Music Spotlight: John Carroll Kirby
Keyboardist + composer John Carroll Kirby released his first solo record (after working with artists like Solange, Blood Orange and Connan Mockasin) through his own label Outside Inside. Kirby's Travel LP + accompanying visual album is filled with his original compositions inspired by world travel. We caught up with Kirby on the project.
Asymmetric Magazine: We're so stoked about your visual album Travel! Can you tell us a bit about the LP?
John Carroll Kirby: Thank You! The LP was written primarily in a small town (population of 500) called Rio Hondo San Antonio in Belize. I stayed in a hut down there with an expat named Rod. Rod created one of the first "Hobbit Houses" and was very into sustainable living. Wifi was practically non existent in the town, so I was forced to dig deep into my imagination to write the record!
AM: We love how the tracks are named after cities and landscapes. Are they inspired by your personal travels to these places?
JCK: Many songs are inspired by my personal travels, and some are places I traveled to in my head. Imagination is always the theme. Even if it's somewhere I've been before, I tried to take an imaginative perspective on the experience. When visiting Lamanai, I tried to imagine the civilization that lived there before. When I visited Shanghai, I tried to imagine snow falling on the city–I'm trying to make a snow globe that plays "Shanghai" for merchandise!
AM: How does Travel compare to your other work?
JCK: Travel is my most personal and concise work to date.
AM: What was your process for creating the videos for the LP?
JCK: The videos were inspired by favorite video Souvenir de Chine by Jean Michel Jarre. In that video, he portrays the people of China as compassionate, light-hearted and sensitive during a time when people in the west were meant to feel the opposite way. I tried to apply some of that playful curiosity when compiling my videos.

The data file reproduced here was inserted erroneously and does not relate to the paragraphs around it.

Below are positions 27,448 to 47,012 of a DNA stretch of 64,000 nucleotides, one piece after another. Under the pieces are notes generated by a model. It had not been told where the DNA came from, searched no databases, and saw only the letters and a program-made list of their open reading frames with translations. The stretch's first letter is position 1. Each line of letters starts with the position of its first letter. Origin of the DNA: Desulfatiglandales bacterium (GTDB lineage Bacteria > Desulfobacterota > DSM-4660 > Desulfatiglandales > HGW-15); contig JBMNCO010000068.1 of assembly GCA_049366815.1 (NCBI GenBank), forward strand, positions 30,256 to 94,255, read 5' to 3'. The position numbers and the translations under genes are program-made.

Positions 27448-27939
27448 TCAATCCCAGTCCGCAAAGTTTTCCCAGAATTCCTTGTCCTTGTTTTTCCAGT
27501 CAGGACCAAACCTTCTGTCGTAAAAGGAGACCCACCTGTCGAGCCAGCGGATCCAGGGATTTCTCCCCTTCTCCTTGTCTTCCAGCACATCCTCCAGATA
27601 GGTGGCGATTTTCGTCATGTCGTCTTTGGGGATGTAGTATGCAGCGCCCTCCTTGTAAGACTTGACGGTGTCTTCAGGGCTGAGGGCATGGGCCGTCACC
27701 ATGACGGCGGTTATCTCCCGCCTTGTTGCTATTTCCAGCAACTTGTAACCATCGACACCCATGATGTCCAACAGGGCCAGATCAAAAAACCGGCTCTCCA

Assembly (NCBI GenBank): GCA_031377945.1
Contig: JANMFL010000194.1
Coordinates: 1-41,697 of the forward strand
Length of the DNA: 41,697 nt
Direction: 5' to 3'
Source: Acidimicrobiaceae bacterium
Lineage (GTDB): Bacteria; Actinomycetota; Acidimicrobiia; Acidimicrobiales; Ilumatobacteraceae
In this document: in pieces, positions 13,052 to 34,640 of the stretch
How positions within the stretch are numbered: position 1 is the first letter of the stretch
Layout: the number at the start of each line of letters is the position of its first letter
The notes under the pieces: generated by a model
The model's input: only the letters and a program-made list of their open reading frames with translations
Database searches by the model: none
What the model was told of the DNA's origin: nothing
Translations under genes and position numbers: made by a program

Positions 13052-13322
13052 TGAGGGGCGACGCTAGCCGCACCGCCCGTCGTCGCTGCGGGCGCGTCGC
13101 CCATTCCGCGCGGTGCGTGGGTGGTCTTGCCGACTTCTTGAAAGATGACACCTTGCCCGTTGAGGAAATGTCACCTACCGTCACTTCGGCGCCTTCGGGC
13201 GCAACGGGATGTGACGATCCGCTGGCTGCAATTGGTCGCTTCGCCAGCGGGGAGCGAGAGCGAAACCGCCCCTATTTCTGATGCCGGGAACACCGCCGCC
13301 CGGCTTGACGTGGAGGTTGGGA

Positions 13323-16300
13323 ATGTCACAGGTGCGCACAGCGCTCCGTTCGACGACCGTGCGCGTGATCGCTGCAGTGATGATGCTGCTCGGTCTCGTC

AM: Are the videos all compiled of footage from your travels?
JCK: All the videos are actually compiled from scouring the Internet, but that's a journey of its own!
AM: Aside from world travel, what themes do you typically pursue through your music?
JCK: I like to explore imagination, sensuality, spirituality, and the humor that runs throughout.
AM: What's your biggest inspiration?
JCK: Hermeto Pascoal's Musica da Lagoa, @boonk.ig, Dries Van Noten, Twinkie Clark, Anderson "The Spider" Silva, Emahoy Tsegue-Maryam.
AM: What other musicians are currently inspiring you?
JCK: Loren Kramar, Molly Lewis, SK Kakraba, Solange, Mac Demarco.
AM: What role does Los Angeles play in your work?
JCK: LA is my home and where I'm at my best! It's great to be around so many great musicians! LA is the mecca of reckless self expression and spiritual inquiry. It's so fun!
AM: Where is one place that you feel completely in touch with your creative self/music?
JCK: If the mind is clear, the food is good and the clothes fit right, I'm good anywhere!
AM: What's one piece of advice that you live by?
JCK: My guru Sri Dharma Mittra likes to say: 'Without determination, there is no progress!'. Simple but true as hell.
AM: What can we expect to hear from you next?
JCK: I have a few records in the works! One is a bit more Balearic, and the other might sound something like Cal Tjader's Amazonas meets Uakti/Philip Glass' Aguas de Amazonia.